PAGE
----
We will resume our look at early issues of Pulse to note some of the significant events of past years. We start with the May 1985 issue.
The Section and the Intelligent Robots Sub-chapter co-sponsored a talk on “The Design of Intelligent Robots.” The Speaker was Professor George Wu of the University of Michigan. He described the design of a feedback control loop to obtain fine robot motions. These were still early days of robot development, and it was interesting to know that our Section was keeping up with the latest developments.
A forum on “Consulting as an Alternate Career” was one of our Section’s PACE activities. Several members of our newly formed Consultants Network gave their views on being a consultant and suggestions for success.
The June issue had an announcement of a tour of the Federal Aviation Administration’s Terminal Radar Approach Control (TRACON) center. The tour gave many insights as to how aircraft controllers for the metropolitan New York area worked.
Our Communication Society Chapter presented a talk on “Satellite Television – The Space Age Transmission System” by Peter Lubell of HBO. He traced the evolution of satellite delivered TV services from 1975 to the then present. He chronicled all of the changes in technology and regulatory environment over the past ten years. He noted that one of satellite TV’s early successes was the late Mohammed Ali’s prize fight the “Thriller in Manilla” had much to do with popularizing the technology.
The Section’s September meeting was co-sponsored by its Artificial Intelligence Committee. The talk was “In – Ate Fault Diagnosis as Expect Guided Search” by Richard Fantone of the Automated Reasoning Corp. It was an expert system that guided a technician that serviced electronic systems. In – Ate’s database was able to change by adding prior experience as to which is the best method of detecting a system fault. By now, we have expert systems to aid in medical diagnosis and many other fields.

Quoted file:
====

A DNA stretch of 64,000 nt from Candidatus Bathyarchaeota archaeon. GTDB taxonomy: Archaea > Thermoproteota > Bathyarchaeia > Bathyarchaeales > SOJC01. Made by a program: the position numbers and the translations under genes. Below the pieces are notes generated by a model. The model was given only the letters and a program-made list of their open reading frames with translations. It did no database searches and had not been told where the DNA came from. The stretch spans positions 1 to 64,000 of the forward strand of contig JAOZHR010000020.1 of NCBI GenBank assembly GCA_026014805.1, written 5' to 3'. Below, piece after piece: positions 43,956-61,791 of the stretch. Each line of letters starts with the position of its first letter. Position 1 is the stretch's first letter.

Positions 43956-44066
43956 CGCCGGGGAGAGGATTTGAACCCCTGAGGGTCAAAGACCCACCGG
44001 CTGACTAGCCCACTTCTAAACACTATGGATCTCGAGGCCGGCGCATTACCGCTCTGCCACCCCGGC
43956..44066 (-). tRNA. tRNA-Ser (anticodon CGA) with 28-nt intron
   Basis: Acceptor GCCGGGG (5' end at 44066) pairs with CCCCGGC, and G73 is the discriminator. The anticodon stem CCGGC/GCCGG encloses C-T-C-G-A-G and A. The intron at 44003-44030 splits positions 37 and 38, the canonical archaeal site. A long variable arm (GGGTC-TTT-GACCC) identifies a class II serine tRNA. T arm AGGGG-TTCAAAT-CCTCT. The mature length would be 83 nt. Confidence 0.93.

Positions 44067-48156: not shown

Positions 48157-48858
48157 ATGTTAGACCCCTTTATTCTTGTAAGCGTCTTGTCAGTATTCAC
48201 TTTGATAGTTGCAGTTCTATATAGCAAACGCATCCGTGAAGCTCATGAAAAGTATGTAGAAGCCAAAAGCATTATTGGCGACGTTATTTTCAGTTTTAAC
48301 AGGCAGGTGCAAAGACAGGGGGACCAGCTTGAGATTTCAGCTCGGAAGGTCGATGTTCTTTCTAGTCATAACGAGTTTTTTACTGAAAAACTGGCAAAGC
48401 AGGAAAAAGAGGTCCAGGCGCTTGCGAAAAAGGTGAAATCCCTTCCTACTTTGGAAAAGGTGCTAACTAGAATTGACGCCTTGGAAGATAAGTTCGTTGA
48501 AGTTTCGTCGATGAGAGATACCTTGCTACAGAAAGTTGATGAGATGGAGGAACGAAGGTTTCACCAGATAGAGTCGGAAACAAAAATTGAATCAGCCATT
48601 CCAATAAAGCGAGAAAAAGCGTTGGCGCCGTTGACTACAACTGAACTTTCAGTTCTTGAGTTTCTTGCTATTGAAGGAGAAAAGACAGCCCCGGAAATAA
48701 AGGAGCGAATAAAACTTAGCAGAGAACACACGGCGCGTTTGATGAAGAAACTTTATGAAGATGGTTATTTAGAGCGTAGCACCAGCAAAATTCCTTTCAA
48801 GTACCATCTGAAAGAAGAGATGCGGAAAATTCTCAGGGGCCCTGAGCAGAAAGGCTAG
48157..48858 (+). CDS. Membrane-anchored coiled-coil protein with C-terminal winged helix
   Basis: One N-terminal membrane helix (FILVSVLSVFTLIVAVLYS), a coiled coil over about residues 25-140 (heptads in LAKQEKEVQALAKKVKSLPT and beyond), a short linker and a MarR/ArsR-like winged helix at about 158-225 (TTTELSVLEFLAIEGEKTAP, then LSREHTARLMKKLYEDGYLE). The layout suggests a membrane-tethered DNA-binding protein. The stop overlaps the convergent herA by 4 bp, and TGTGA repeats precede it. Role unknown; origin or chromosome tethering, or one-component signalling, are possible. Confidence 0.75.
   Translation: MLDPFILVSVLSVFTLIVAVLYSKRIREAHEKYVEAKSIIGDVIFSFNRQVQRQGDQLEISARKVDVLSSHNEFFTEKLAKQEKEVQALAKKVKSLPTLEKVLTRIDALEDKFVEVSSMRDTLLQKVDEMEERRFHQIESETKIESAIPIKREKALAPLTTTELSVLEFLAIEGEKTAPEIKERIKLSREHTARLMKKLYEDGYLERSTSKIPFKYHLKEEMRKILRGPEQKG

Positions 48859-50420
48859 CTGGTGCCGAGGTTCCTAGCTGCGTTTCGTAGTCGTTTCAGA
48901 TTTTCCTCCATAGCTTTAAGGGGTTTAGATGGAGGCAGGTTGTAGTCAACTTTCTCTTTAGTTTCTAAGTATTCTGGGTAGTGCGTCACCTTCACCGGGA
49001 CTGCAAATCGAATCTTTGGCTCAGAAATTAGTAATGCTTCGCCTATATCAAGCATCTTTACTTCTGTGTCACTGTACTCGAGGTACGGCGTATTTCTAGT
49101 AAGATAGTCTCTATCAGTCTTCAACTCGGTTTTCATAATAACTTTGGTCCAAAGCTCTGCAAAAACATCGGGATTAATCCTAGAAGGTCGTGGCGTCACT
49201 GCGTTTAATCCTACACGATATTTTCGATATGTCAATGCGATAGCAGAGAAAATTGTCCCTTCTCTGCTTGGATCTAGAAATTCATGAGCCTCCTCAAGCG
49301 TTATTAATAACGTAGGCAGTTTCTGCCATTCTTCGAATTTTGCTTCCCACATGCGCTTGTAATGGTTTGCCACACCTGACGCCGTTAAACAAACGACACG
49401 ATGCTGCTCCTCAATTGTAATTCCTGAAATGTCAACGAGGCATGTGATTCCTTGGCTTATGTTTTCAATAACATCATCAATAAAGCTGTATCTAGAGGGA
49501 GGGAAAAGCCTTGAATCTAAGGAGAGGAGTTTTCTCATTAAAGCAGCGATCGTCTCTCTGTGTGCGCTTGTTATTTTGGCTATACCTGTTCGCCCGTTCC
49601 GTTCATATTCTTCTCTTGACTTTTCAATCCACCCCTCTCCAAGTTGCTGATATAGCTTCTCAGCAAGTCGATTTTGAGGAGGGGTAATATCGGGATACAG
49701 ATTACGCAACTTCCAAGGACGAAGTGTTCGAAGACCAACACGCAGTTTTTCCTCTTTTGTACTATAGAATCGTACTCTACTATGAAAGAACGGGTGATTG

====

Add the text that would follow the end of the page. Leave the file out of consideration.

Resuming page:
Our MTT and AP Society Chapters presented a talk on “Radio Astronomy A Challenge for the Microwave Industry” by Dr. Sander Weinreb, who was then at the National Radio Astronomy Observatory (NRAO) in Greenbank, WVA. He showed the types of sensitive receivers and specialized antennas that are needed to obtain signals from distant galaxies. Radio astronomy receivers are now an integral part of many of NASA’s space telescopes.
A talk on “High-Speed Digital IC Performance Outlook” by Dr. Paul Greiling of Hughes Research Laboratory was jointly sponsored by the MTT and Computer Society Chapters. He emphasized the use of gallium arsenide to get higher clock rates that were then attainable with silicon IC’s. With recent advances in CMOS and Silicon – germanium processing technology, silicon IC’s still dominate, but at the time of this talk, GaAs ICs were the way to go.
The September issue also contained a Section Endorsement of our own Henry Bachman who was running for 1986 IEEE President. He was elected and served as President in 1987. Henry was given our Section’s Lifetime Achievement Award in 2014.
Looking back at these issues reinforces the importance of engineers keeping up with advances in the field and that the opportunities our Section provided over 30 years ago clearly served that purpose. Our Section continues in that tradition, which, in my view, is one of the best of many benefits of IEEE membership.
Acknowledgment: I wish to thank our former Historian, Rod Lowman for saving these issues of Pulse and for Jim Colotti for making many of them available in the Pulse archive on our section’s website.